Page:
Let children play!
A school has banned breaktime in order to eliminate bullying. Bad move.
At first I couldn’t believe what I was reading. The news headline boasted: ‘School almost “eliminates bullying” with breaktime ban on games.’ To me, this is like saying that getting rid of children’s play is a price worth paying if it means teachers can have a quiet life.
It seems that in the view of Charlotte Whelan, the headteacher at Hackney New School, the elimination of children’s breaktime is a great pedagogic achievement. She said of her school experiment, where games are banned in breaktime, that ‘a school without bullying [might] sound like a utopia, but it is achievable’.
I am a little suspicious of utopias, so I wasn’t surprised to discover that what certain school administrators describe as a utopia is actually a pretty dystopian situation in which children are not allowed to play spontaneously and freely with one another.
Instead of the usual breaktime, where children are able to release their energy by running around and messing with each other, at Hackney New School the kids ‘participate in supervised quizzes, poetry recitals and other activities, including chess and choir clubs’. In other words, the pupils are subjected to an intensively structured regime of constant supervision by adults.
Campaigners against bullying have long believed that the way to eliminate bullying is through more structured supervision of children’s lives. One of the supporters of banning old-style breaktime is Linda James, founder and chief executive of Bullies Out. She advocates ‘structured games, structured activities’, which she believes are better than allowing children to ‘wander… around aimlessly’. She warns that ‘unstructured games can sometimes lead to nasty comments, aggressive behaviour or children feeling left out’.
James’ use of the term ‘unstructured games’ speaks to a hyper risk-averse mentality in the world of pedagogy today. There was a time when we simply said ‘play’ rather than using technical-sounding terms like ‘unstructured games’. What they call an ‘unstructured game’ is nothing more and nothing less than children playing with one another. From a technocratic perspective, it might look like children are ‘wandering around aimlessly’, but from the standpoint of common sense this is really kids messing about, exploring and probably getting into a bit of trouble. Precisely what childhood is about!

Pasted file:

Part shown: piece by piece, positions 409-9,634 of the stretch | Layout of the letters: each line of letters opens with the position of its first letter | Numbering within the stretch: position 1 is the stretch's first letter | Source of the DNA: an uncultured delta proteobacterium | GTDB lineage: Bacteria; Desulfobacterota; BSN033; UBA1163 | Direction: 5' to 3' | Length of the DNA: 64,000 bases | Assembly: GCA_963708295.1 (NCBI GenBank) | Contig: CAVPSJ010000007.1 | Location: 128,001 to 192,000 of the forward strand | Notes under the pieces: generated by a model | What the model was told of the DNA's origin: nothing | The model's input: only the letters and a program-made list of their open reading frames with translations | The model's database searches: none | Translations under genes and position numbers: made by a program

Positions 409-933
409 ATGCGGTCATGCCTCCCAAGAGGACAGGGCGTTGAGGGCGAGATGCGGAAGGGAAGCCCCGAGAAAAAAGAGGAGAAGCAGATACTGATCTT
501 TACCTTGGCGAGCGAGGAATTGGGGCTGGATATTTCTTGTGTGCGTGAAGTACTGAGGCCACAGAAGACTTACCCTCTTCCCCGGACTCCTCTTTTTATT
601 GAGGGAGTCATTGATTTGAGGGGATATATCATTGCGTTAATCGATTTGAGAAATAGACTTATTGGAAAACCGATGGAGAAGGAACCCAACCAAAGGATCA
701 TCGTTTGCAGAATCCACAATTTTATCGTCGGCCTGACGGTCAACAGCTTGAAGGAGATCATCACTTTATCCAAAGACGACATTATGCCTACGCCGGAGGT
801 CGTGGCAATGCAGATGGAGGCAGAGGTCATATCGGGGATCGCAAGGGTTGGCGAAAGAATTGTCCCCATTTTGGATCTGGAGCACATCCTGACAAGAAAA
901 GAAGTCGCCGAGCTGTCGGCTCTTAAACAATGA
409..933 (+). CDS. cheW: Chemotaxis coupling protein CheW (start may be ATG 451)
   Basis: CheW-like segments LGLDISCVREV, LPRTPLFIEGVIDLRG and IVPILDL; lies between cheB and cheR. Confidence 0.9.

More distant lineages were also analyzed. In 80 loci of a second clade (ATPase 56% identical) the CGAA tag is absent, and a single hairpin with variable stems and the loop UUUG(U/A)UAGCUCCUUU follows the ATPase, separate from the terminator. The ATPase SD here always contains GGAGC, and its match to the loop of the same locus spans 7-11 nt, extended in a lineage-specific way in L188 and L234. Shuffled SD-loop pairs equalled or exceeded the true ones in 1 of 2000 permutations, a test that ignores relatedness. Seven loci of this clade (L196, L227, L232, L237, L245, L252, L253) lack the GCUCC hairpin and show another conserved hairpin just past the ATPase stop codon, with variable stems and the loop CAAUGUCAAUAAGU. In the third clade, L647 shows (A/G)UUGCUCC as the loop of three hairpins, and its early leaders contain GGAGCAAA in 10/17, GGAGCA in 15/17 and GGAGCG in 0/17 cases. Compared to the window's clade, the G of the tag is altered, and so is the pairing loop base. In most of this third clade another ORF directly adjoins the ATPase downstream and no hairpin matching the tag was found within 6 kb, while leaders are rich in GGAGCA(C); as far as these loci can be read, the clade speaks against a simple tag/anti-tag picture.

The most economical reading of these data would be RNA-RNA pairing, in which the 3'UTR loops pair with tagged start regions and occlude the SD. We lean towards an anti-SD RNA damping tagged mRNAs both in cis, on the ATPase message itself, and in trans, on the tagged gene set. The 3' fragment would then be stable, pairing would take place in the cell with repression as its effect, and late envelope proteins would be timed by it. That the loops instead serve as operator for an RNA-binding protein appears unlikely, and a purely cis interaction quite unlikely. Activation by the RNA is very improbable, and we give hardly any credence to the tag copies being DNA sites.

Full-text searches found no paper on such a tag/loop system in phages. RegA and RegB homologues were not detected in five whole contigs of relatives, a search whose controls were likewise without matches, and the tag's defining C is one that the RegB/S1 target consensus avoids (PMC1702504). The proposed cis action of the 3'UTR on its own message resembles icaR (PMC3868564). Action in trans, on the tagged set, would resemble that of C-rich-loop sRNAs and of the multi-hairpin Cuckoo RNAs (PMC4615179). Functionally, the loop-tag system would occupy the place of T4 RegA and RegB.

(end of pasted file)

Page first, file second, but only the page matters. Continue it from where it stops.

Is it really worth trading off children’s freedom to play in exchange for the elimination of bullying? Real play – which is by definition unstructured – is an important part of child development. Children learn to test boundaries and to forge relationships through playing with each other. It is through independent play that they come to understand their own strengths and weaknesses. Through play, children develop a capacity for risk-taking, and an aspiration for freedom.
To some technocratic-minded administrators and experts, breaktime might look like senseless chaos, but in truth these are precious moments in which youngsters start to become aware of the meaning of human interaction. No doubt some bullying takes place, too. But it is through the lessons they learn from play that children also learn how to limit the negative impact of bullying. When children are herded into an entirely structured existence, their capacity to deal with problems like bullying is actually diminished.
A ban on breaktime may reassure myopic adults that they have everything under control. But they are storing up problems for children in the future by depriving them of the benefits and experiences of free play.
Frank Furedi’s latest book Democracy Under Siege: Don’t let Them Lock It Down is published by Zer0 Books.
Picture by: Getty.
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